The founders of the school sought to invest their doctrines with the halo of tradition by ascribing them to Pythagoras and Plato, and there is no reason to accuse them of insincerity.
But as Pythagoras himself came from Samos, and his doctrines have a decidedly Oriental tinge, it may very well be that both he and the Essenes drew from a common source; for there is no need to reject, as is so commonly done, the statements of our authorities as to the antiquity of the Essenes.
While, on one hand, he combines much that had been suggested by Parmenides, Pythagoras and the Ionic schools, he has germs of truth that Plato and Aristotle afterwards developed; he is at once a firm believer in Orphic mysteries, and a scientific thinker, precursor of the physical scientists.
Considering his long life and reputation Aurispa produced little: Latin translations of the commentary of Hierocles on the golden verses of Pythagoras (1474) and of Philisci Consolatoria ad Ciceronem from Dio Cassius (not published till 1510); and, according to Gesner, a translation of the works of Archimedes.
Still, the enunciation of the moral precepts of Pythagoras appears to have been dogmatic, or even prophetic, rather than philosophic, and to have been accepted by his disciples with an unphilosophic reverence as the ipse dixit 1 of the master.
Shortly afterwards, however, an insurrection took place, by which the disciples of Pythagoras were driven out, and a democracy established.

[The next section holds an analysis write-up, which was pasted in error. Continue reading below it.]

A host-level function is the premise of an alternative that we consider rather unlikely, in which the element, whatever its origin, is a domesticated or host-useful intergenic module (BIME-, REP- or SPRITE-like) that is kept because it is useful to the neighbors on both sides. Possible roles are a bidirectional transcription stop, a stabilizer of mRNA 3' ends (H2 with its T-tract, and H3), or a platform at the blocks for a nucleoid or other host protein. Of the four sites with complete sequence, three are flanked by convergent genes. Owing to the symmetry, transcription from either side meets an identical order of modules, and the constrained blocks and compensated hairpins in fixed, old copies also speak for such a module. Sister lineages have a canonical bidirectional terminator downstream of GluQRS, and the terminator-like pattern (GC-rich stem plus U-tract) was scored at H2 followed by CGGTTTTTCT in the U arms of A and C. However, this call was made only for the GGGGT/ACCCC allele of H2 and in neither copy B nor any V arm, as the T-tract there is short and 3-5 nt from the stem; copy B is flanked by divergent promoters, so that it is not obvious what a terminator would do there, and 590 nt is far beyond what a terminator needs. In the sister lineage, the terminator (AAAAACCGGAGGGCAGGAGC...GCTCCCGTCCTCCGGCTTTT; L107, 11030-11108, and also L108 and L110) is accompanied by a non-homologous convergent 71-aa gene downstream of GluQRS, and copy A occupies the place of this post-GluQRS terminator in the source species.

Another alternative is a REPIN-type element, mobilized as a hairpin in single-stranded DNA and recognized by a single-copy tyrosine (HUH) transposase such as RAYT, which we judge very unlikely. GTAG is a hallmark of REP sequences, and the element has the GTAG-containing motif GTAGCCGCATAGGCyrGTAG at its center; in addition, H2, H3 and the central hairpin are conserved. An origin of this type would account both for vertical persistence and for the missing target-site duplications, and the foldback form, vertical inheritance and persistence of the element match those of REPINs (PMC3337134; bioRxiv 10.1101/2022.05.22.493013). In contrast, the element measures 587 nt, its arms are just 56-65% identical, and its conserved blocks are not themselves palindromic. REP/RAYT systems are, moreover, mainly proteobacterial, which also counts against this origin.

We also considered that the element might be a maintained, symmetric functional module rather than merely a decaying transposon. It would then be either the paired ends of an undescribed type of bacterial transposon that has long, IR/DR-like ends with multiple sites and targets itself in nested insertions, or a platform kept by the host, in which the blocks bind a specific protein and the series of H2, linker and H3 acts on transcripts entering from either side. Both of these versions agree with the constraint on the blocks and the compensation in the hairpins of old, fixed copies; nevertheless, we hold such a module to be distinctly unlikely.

The long-lived conception of a series of crystal spheres, acting as the vehicles of the heavenly bodies, and attuned to divine harmonies, seems to have originated with Pythagoras himself.
By the euhemeristic Hellespontine Greeks Herodotus was told that Zalmoxis was really a man, formerly a slave of Pythagoras at Samos, who, having obtained his freedom and amassed great wealth, returned to Thrace, and instructed his fellow-tribesmen in the doctrines of Pythagoras and the arts of civilization.
Belonging, it is said, to a rich and distinguished family, Parmenides attached himself, at any rate for a time, to the aristocratic society or brotherhood which Pythagoras had established at Croton; and accordingly one part of his system, the physical part, is apparently Pythagorean.
We learn both from Iamblichus6 and Porphyry' that Pythagoras practised the diagnosis of the characters of candidates for pupilage before admitting them, although he seems to have discredited the current physiognomy of the schools, as he rejected Cylo, the Crotonian, on account of his professing these doctrines, and thereby was brought into some trouble.